The Database Picker scripted field displays database records returned by a pre-configured SQL query from a connected database.

Examples for usage include:

Select Jira Project Example

This example outlines selecting a project from the Jira Projects database table.

The following serves as an example only - in practice there is an existing Project picker custom field provided out of the box which you would use.
The example below assumes that one database connection has already been set up with the name local.
  1. Enter a Field Name, Field Description and Field Note.

  2. In this example, select Local under Connection.

  3. The first SQL statement in Retrieval/Validation SQL is retrieving a value from the database to display.

    select id, pname from project
      where id = cast(? as numeric)
    • id is the data you wish to retrieve and store in the Jira database. In this case, the Project ID.

    • pname is the data you wish to display in the field on the View Issue screen. In this case Project Name.

    • project is the name of the queried table (for this example, jiradb.project).

    • cast is required in this case, as the column (the ID column being queried) in the Jira database schema is numeric. Note that if using mysql you may need to cast to SIGNED.

    • ? is the stored value (in this case, ID).

      where id = cast(? as numeric) ensures that the ID is cast as a numeric. If the ID column is alphanumeric, this is not required.
  4. The second SQL statement in Search SQL retrieves a value from the database to display.

    select id, pname from project
      where lower(pname) like lower(?) || '%'
    • lower changes input into lower-case for both the input value and the column being searched, allowing for a case-insensitive search.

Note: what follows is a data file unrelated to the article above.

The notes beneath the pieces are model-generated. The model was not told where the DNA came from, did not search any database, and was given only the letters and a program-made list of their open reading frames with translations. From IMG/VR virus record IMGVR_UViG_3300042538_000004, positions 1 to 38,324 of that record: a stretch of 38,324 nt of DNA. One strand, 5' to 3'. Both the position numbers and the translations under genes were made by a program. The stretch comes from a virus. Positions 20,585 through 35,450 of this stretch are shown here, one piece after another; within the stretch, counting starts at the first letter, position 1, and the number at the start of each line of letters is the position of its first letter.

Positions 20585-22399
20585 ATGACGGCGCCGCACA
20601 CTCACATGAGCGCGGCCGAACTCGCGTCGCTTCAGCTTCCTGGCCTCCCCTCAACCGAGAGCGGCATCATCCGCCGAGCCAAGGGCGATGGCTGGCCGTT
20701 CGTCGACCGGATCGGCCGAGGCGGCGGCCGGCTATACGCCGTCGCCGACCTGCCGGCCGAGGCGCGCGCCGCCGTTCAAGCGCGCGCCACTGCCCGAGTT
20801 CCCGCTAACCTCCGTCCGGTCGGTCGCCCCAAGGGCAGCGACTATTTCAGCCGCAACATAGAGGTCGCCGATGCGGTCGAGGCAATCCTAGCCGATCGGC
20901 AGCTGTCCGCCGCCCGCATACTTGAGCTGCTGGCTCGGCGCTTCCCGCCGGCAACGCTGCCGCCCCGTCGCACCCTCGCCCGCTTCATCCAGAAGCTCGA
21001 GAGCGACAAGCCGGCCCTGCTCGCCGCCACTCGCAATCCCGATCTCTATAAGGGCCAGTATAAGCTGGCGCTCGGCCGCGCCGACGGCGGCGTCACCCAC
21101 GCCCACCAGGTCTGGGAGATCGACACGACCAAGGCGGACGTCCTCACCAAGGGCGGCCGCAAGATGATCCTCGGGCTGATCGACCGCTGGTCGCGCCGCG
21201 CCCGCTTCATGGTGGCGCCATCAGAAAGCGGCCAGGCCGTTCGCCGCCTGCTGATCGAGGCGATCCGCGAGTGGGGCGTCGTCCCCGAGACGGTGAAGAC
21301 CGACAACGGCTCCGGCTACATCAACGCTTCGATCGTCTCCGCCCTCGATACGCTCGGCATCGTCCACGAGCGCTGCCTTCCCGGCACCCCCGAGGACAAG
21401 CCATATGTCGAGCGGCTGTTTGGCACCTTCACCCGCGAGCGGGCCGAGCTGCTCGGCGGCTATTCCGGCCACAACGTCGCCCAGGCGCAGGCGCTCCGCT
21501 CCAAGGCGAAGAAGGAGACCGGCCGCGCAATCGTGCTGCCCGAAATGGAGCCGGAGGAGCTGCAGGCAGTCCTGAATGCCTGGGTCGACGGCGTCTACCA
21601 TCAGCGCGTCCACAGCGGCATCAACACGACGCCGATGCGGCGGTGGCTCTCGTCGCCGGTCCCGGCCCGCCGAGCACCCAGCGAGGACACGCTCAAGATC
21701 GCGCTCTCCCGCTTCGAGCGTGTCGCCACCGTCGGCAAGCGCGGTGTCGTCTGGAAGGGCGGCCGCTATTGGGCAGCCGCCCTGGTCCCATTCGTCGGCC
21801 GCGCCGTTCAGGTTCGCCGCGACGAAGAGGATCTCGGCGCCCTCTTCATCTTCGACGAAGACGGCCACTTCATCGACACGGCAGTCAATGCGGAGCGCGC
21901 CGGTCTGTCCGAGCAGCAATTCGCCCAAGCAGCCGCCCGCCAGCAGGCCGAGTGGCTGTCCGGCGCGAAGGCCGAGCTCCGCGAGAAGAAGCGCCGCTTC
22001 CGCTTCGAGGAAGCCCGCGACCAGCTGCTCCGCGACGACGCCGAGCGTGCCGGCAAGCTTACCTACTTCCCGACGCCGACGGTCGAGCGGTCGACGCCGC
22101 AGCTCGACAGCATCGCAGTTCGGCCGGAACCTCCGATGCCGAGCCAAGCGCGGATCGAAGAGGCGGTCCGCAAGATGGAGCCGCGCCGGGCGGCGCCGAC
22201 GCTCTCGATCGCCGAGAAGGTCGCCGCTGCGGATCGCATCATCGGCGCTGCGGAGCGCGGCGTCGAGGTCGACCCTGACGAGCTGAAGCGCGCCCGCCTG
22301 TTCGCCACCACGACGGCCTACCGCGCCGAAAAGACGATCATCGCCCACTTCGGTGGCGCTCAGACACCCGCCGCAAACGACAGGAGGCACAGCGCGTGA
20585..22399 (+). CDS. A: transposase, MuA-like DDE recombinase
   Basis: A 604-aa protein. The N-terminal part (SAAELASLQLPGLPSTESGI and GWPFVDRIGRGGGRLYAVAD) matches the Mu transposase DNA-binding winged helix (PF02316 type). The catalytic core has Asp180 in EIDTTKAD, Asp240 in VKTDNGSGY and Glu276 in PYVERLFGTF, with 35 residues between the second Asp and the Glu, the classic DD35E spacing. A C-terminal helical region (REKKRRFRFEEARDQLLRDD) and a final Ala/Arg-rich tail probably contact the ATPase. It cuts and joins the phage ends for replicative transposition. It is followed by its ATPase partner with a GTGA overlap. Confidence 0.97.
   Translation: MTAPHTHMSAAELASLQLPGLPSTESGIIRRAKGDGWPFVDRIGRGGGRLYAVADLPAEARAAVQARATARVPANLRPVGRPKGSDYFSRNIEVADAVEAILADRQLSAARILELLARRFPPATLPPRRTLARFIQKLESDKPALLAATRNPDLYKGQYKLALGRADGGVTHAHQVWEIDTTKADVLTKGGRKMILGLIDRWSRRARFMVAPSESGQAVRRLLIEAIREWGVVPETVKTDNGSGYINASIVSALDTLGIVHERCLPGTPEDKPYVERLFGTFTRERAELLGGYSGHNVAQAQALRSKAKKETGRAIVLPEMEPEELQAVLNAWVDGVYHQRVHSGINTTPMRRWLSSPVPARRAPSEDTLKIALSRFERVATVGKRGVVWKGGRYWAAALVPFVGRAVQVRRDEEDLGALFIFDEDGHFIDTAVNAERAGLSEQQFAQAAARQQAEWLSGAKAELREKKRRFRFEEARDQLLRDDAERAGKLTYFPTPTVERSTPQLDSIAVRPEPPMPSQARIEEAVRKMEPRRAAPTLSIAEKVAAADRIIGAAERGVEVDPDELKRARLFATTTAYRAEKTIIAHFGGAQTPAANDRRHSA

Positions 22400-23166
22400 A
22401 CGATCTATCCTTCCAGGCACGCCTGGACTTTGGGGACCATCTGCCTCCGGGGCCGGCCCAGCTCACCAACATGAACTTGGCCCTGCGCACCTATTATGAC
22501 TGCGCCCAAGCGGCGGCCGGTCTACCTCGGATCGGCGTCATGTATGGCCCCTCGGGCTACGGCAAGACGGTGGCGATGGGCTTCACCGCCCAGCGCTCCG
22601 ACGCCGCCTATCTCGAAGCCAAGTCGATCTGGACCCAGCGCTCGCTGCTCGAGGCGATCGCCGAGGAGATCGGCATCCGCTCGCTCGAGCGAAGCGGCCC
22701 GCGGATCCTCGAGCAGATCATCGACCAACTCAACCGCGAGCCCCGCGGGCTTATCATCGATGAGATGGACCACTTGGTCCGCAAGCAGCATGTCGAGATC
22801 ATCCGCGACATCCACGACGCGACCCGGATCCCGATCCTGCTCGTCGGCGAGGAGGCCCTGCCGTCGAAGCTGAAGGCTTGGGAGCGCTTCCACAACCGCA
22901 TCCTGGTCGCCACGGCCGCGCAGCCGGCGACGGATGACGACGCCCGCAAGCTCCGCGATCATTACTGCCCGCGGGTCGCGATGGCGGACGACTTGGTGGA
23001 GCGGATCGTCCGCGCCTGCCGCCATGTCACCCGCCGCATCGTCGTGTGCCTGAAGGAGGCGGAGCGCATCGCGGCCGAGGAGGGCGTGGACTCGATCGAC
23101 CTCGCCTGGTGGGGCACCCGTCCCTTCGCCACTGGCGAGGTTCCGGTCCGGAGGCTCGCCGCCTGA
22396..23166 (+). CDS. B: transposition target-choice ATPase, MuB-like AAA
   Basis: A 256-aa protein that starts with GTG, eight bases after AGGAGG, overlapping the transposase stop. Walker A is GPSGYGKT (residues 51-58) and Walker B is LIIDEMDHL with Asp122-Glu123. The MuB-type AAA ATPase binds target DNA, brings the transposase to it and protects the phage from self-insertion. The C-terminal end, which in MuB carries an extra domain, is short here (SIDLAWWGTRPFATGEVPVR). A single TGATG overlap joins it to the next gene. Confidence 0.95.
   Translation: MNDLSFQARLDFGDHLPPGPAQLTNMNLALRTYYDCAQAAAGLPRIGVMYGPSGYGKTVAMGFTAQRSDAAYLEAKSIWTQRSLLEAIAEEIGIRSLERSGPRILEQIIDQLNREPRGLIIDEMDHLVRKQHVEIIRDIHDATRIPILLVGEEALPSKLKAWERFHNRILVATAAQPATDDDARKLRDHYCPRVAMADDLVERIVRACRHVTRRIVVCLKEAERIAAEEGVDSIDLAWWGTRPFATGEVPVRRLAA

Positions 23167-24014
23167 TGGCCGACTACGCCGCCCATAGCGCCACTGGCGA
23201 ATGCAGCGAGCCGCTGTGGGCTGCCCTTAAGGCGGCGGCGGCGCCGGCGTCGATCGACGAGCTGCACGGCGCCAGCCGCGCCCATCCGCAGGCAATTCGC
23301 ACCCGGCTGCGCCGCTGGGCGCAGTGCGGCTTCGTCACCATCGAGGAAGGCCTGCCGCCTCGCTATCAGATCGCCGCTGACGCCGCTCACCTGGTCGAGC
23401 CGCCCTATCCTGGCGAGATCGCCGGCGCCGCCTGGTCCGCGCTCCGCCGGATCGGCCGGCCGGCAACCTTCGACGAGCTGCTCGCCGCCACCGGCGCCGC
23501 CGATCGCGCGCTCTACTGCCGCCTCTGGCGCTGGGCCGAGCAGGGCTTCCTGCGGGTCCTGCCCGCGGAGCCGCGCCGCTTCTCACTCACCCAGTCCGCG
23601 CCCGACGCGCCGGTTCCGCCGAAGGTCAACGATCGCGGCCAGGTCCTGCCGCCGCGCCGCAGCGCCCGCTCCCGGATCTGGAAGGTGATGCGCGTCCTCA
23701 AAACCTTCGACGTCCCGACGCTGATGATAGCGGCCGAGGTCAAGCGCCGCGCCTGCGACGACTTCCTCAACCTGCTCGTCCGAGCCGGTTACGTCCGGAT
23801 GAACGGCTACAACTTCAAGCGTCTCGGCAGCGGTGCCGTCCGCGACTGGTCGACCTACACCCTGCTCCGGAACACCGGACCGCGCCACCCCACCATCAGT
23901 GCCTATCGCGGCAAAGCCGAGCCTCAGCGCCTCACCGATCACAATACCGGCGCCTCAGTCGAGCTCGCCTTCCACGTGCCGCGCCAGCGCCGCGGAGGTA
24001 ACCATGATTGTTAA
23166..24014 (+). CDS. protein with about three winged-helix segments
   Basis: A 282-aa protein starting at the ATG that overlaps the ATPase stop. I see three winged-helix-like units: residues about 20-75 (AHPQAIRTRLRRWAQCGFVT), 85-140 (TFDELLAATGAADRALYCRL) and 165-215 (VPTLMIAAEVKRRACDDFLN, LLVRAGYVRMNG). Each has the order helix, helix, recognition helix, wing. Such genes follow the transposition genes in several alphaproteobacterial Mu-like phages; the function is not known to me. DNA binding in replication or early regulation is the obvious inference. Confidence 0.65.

• ? is the parameter filled with what the user types into the custom field drop-down.

    • The query concatenates the input with a %, which means "match anything starting with this". So as the user types, this query executes, and the project name results are displayed.

      The || operator is a SQL standard, but verify the query using the target database…​ in mysql for instance you would need to use concat(lower(?), '%')'.
      Without the % character, the control does not show anything unless the end-user types something that is an exact match to the database record.)
      project picker usage
  5. Click Add to create the field.

Now create an issue and test the field:

  1. Add the scripted field to any screens or projects and enter a value on an issue that has this field in its context.

  2. Return to the Script Fields screen, click the Cog and select Edit on the field just created.

  3. Set the Preview Issue Key to be the issue just created.

  4. Click Preview to see how the new field displays.

project picker preview

Modify the SQL query to change what information is shown, giving you more control over the display. In this example of picking a project from the Jira database, to display both the project name and the key we could use:

select id, pname || ' - ' || pkey from project
  where id = cast(? as numeric)

If you want more control over how the field renders, please get in touch.

Select from Excel Sheet

There are JDBC drivers available for all commonly-used databases and Excel and CSV files. Therefore, you can connect to a spreadsheet containing a list of items you want to be available in a custom field.

  1. First, add the spreadsheet as a connection in setting up an external database connection.

  2. Create a scripted field.

  3. Give the field an appropriate name and description then enter the following into Retrieval/Validation SQL:

    select id, "First Name" || ' - ' || "Experience Level" from devs
      where id = ?
  4. Enter the following into Search SQL:

    select id, "First Name" from devs
      where "First Name" like ? || '%'
csv field picker

When applied to an issue context, the results display as a drop-down:

csv pick user

Have questions? Visit the Atlassian Community to connect, share, and learn with other Atlassian users and experts, including Adaptavist staff.

Ask a question about ScriptRunner for JIRA, Bitbucket Server, or Confluence.

Want to learn more? Check out courses on Adaptavist Learn, an online platform to onboard and train new users for Atlassian solutions.